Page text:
Bronchitis Diagnosis and Treatment: What to Know

Medically Reviewed by Nayana Ambardekar, MD on April 23, 2023
4 min read

If you recently had a cold that turned into a nagging cough, you might have acute bronchitis. (In medical terms, “acute” means conditions that come on quickly and last a short time).

Bronchitis happens when your bronchial tubes, which carry oxygen from your windpipe to your lungs, become inflamed. The lining of the tubes makes mucus, which makes your cough worse.

The condition can also cause wheezing and make it hard to catch your breath.

To know for sure whether your recent illness is acute bronchitis and not an allergy or other problem, you should see your doctor. They will likely test you for COVID-19, which has some of the same symptoms.

While many cases go away on their own, others require treatment. Learn more about how doctors diagnose and treat bronchitis:

First, it’s important to figure out a time line.

If you have a cough and breathing problems that have lasted for months or years, it might be chronic bronchitis. This is a long-term health problem that needs ongoing treatment.

Some people with very serious chronic bronchitis have it their entire lives. Others can successfully treat it. You’re more likely to get it if you smoke.

This usually requires a combination of medications and lifestyle changes. Important ways you can improve your lung health include:

But those steps are important if you think you have acute bronchitis, too.

To learn other ways to treat your cough, see your doctor to find out what’s causing it.

When you see your doctor, be ready to talk about your symptoms in detail. You should be able to answer:

  • How long have you had your cough?
  • Are you coughing up mucus?
  • Is there blood in your sputum?
  • Did you ever have a fever or other symptoms, such as chest tightness?
  • Did you have a cold before the cough?
  • Are you wheezing?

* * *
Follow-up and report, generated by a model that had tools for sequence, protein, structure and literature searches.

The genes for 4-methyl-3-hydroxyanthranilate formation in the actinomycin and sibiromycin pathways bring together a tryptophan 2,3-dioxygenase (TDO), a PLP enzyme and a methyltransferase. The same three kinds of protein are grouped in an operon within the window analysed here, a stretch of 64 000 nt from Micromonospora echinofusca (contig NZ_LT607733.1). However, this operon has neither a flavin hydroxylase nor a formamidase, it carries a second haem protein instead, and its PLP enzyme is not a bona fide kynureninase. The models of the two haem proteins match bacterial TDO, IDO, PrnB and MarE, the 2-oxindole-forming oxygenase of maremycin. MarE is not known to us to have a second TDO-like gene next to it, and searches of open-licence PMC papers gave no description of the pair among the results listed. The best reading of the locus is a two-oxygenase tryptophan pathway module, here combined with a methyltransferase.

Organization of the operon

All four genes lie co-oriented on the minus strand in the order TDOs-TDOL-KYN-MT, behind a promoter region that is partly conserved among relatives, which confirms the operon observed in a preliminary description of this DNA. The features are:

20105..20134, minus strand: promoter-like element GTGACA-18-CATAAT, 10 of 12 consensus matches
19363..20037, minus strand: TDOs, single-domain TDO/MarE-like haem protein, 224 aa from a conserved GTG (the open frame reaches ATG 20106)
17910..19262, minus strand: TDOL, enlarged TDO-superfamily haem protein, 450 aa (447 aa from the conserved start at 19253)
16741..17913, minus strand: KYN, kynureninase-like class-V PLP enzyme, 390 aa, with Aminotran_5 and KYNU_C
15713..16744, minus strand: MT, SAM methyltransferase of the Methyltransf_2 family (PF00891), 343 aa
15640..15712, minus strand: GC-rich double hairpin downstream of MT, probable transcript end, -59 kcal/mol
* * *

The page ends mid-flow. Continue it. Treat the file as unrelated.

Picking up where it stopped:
• Do you have trouble catching your breath?
  • Have you been around other people who have the same kinds of symptoms?

At the appointment, your doctor will go over your symptoms and give you a physical exam. They’ll listen to your chest while you cough. This may be enough to make a diagnosis. You may not need any tests. However, there are other times when you might need one or more.

Here are some of the tests your doctor might order:

  • Chest X-ray. If you have a fever or had one recently, this can help rule out or confirm pneumonia.
  • Sputum culture. If your symptoms are severe, your doctor might get a sample of the mucus you cough up (sputum). A lab test can tell whether the mucus is caused by an allergy or whooping cough (pertussis), which is a very contagious bacterial infection. Serious symptoms may also mean another test.
  • Spirometry. This is a test of your lung function. It measures how much air your lungs can hold and how quickly you can blow it all out. The test can help your doctor find out whether you have asthma or another breathing problem, along with your bronchitis.

Don’t be surprised if your doctor simply recommends rest and lots of fluids. A bout of acute bronchitis will often fade away on its own. Letting your body rest and drinking plenty of fluids may help it disappear more quickly.

Other treatments may include:

  • A cough suppressant (but only if you’re not bringing up mucus anymore; if you are, it means you’re still clearing your airways and your doctor likely won’t advise you to take one)
  • Pain reliever
  • Sleeping near a humidifier or sitting in a steamy bathroom
  • Bronchodilators (inhaled medicines that help open your airways)

Antibiotics are powerful medicines that treat bacterial infections. But acute bronchitis is usually caused by a viral infection. Antibiotics don’t help with a virus.

If your doctor thinks the cause is bacteria, you might get a prescription for antibiotics.

If so, be sure to take the full prescription of antibiotics. Even if you feel better, the infection could still be in your system. You want to make sure you kill all the bacteria on the first try.

A bout of acute bronchitis can make breathing even tougher if you have other respiratory problems.

Allergies, asthma, or chronic obstructive pulmonary disease (COPD) all can narrow your airways. If you have one of these conditions along with bronchitis, you will probably need an inhaler and other treatments.

Be sure to tell your doctor all the medicines you are already taking to make sure no drugs will interact with each other.

Even with treatment, your cough may last for a few more weeks. It should become milder and drier as the days go by. You may also feel tired for a while longer. Plan to get rest. Don’t expect to have a lot of energy right away.

If your cough doesn’t improve and you continue to feel sick, see your doctor again. It could be a bacterial infection after all. Or you might have other breathing problems that are keeping you from getting over your acute bronchitis.